What Do We Really Know?

A Twitter friend went into the way back machine and reminded me of the Nuclear Freeze movement of the 1980s. I guess you’d have to be at least 50 to have any memory of it at all: so, a lot of the youngsters in the world wouldn’t know what it was about. Of course, you could Google it – but if you did that, you almost certainly won’t find out about it.

Oh, you’d read a lot about it. And what you read would be almost invariably praising it to the skies. But what you probably won’t read about it is that it was nothing more than a Soviet front organization. We were about to build and deploy a type of nuclear weapon the USSR (a) couldn’t build and (b) couldn’t defend against. Our having these weapons while the USSR didn’t would put us in the driver’s seat – the USSR would essentially be forced to throw in the towel on Cold War competition. So, the USSR did the one thing it was actually good at: call forth the Useful Idiots of the West to ensure the USA shot itself in the foot.

I remember it, now, very well. Especially one of the leading voices of it: Dr Helen Caldicott. She was just about everywhere during the time. Highly in demand for your Soviet inspired peace march and conferences around the world. And she was an Authority on it! She knew was she was talking about! After all, she’s a doctor.

Well, a pediatrician…who never had any experience dealing with either nuclear power or weapons…but she fit the bill: someone who seemed oh, so nice and had Smart credentials and how can you argue against her? You can’t hug your kid with nuclear arms!

The drivel almost worked – huge pressure was placed on Reagan and Thatcher to ditch the new weapons. But, they didn’t…and then the weapons (along with other Reagan tactics) did precisely what they were supposed to do: force the Soviets to the table at a disadvantage and eventually unravel their Empire in Europe (the fall of the USSR was really just a bonus that nobody could foresee).

But that isn’t our issue for the moment – the real issue is that a pack of ridiculous lies nearly sunk Reagan’s USSR policy and even though the lies failed at that, they still managed to implant into the public mind that nuclear power is somehow extra dangerous and that the only safe thing to do with nuclear power is have nothing to do with it. By this time in our history, almost all our electricity production should come from nuclear power. A whole series of plants all across America should be humming with cheap, clean nuclear energy providing far more than our greatest need. We’re not because of people like Caldicott got themselves fooled and then managed to fool enough other people.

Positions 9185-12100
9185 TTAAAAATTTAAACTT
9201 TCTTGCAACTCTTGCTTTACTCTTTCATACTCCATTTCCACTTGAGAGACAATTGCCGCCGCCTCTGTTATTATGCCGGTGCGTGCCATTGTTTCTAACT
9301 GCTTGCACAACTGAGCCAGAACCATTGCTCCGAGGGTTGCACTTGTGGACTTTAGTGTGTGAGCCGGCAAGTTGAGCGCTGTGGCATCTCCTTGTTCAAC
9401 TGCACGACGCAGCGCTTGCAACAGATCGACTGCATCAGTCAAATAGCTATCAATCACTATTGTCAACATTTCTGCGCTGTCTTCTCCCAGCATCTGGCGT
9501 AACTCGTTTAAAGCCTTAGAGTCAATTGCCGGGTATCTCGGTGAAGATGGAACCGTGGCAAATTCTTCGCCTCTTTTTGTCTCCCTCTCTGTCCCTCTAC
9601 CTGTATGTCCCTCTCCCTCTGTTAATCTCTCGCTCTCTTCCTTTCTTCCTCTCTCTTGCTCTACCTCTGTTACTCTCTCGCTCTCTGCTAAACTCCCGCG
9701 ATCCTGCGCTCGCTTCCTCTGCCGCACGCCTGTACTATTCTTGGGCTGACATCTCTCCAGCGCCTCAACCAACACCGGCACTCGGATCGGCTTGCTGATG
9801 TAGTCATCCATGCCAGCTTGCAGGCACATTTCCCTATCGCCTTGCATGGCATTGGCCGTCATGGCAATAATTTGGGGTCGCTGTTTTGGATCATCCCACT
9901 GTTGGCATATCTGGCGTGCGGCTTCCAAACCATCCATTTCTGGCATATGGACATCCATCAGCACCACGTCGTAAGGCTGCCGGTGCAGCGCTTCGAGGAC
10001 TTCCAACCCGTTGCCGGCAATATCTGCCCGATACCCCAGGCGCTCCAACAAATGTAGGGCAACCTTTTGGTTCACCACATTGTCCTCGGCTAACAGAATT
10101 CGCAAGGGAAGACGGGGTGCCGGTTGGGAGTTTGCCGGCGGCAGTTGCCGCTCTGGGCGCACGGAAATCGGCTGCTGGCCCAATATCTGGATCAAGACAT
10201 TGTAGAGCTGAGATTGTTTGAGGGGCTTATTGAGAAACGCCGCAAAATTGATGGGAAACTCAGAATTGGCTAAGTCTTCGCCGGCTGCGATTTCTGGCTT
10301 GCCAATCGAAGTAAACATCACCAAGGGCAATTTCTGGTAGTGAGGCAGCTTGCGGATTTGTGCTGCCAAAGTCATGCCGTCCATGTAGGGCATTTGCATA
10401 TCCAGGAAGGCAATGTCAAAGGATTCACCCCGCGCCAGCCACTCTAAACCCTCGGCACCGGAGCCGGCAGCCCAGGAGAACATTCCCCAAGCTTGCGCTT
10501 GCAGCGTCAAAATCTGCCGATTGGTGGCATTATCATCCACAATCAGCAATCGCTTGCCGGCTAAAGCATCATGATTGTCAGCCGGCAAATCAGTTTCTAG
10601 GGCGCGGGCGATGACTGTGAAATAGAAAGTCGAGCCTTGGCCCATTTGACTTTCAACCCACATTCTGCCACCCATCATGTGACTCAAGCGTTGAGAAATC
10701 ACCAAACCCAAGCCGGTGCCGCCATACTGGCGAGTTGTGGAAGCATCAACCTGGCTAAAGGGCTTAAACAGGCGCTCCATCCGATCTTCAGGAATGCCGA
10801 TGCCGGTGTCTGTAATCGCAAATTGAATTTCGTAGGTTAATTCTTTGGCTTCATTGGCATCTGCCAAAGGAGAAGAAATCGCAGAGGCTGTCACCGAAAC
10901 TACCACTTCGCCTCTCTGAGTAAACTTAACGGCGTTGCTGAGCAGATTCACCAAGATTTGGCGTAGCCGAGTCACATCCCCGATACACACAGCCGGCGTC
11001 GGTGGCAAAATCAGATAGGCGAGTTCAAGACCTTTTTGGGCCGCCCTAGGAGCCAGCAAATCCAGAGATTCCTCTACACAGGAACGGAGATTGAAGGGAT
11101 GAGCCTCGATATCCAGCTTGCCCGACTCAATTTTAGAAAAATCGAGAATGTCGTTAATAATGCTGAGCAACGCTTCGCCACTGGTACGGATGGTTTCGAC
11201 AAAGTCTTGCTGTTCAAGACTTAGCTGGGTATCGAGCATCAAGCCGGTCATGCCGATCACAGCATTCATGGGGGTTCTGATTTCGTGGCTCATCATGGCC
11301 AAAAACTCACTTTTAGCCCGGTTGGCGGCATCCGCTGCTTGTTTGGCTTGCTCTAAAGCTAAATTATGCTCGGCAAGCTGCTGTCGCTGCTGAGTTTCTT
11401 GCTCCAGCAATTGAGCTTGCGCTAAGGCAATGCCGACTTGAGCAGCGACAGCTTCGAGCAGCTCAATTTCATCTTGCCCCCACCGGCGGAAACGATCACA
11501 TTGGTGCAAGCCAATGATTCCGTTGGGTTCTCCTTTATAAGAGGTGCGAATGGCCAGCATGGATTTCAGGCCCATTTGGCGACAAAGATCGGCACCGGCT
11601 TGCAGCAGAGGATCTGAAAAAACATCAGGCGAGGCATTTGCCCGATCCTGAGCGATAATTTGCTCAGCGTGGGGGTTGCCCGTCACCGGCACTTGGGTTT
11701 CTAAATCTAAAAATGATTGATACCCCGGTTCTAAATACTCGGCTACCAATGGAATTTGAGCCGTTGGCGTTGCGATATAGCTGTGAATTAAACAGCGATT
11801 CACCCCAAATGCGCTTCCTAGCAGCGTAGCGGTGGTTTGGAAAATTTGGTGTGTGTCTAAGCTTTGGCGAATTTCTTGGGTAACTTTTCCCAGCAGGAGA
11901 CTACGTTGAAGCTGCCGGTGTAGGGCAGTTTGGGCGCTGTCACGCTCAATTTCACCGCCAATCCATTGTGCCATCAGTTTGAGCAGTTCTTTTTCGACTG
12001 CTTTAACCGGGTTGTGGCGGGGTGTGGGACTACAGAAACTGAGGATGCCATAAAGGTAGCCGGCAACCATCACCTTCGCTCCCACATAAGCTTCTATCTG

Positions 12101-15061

And, heck, I have to admit – back there in the late 80s and early 90s, I was wary of nuclear power. I still figured we should go for it, but I had this mental image of it being extra dangerous and we had to take extra care around it…and this was after I got out of the Navy, when I had literally stood next to an operating nuclear power plant aboard a submarine. How could I have been so stupid?

Of course it had to be operated properly – but so does any device. Operate a solar plant incorrectly and you’ll cause a lot of problems. We got into our minds, though, that nuke was Super Dangerous! Thousands of years must pass before it is clean! For goodness sake, at no point did people stop living in Hiroshima. A few days after the bomb went off and all the bodies were cleared away, the people were already starting to rebuild. It is a city of nearly 1.2 million people: far larger than it was when bombed in 1945. Here’s the photo of the iconic dome of Hiroshima. Tell me, what immediately leaps out here?

That is doesn’t quite look like the wasteland of 1945…the trees really take away from the whole End of the World vibe we’re supposed to get here.

Obviously, nuclear weapons are very destructive and nuclear power is something that you have to be careful with…but there is clearly a bit of a mental psychosis in the popular imagination about it which is not supported by things we can easily observe. Things we can know just by knowing them. I doesn’t take special knowledge or insight to know that Hiroshima is a thriving city…but we, in a sense, don’t know it…and so we fear nuclear power and think that using a nuclear weapon is unthinkable.

And then you start to ponder: what else are we refusing to know? How much of what we “know” are lies?

You can do this yourself: just take some subject and think about it. Think about what you know but then take the crucial step: pretend you don’t know it and think about it for a bit. Does what you “know” match up with what you think? Like this: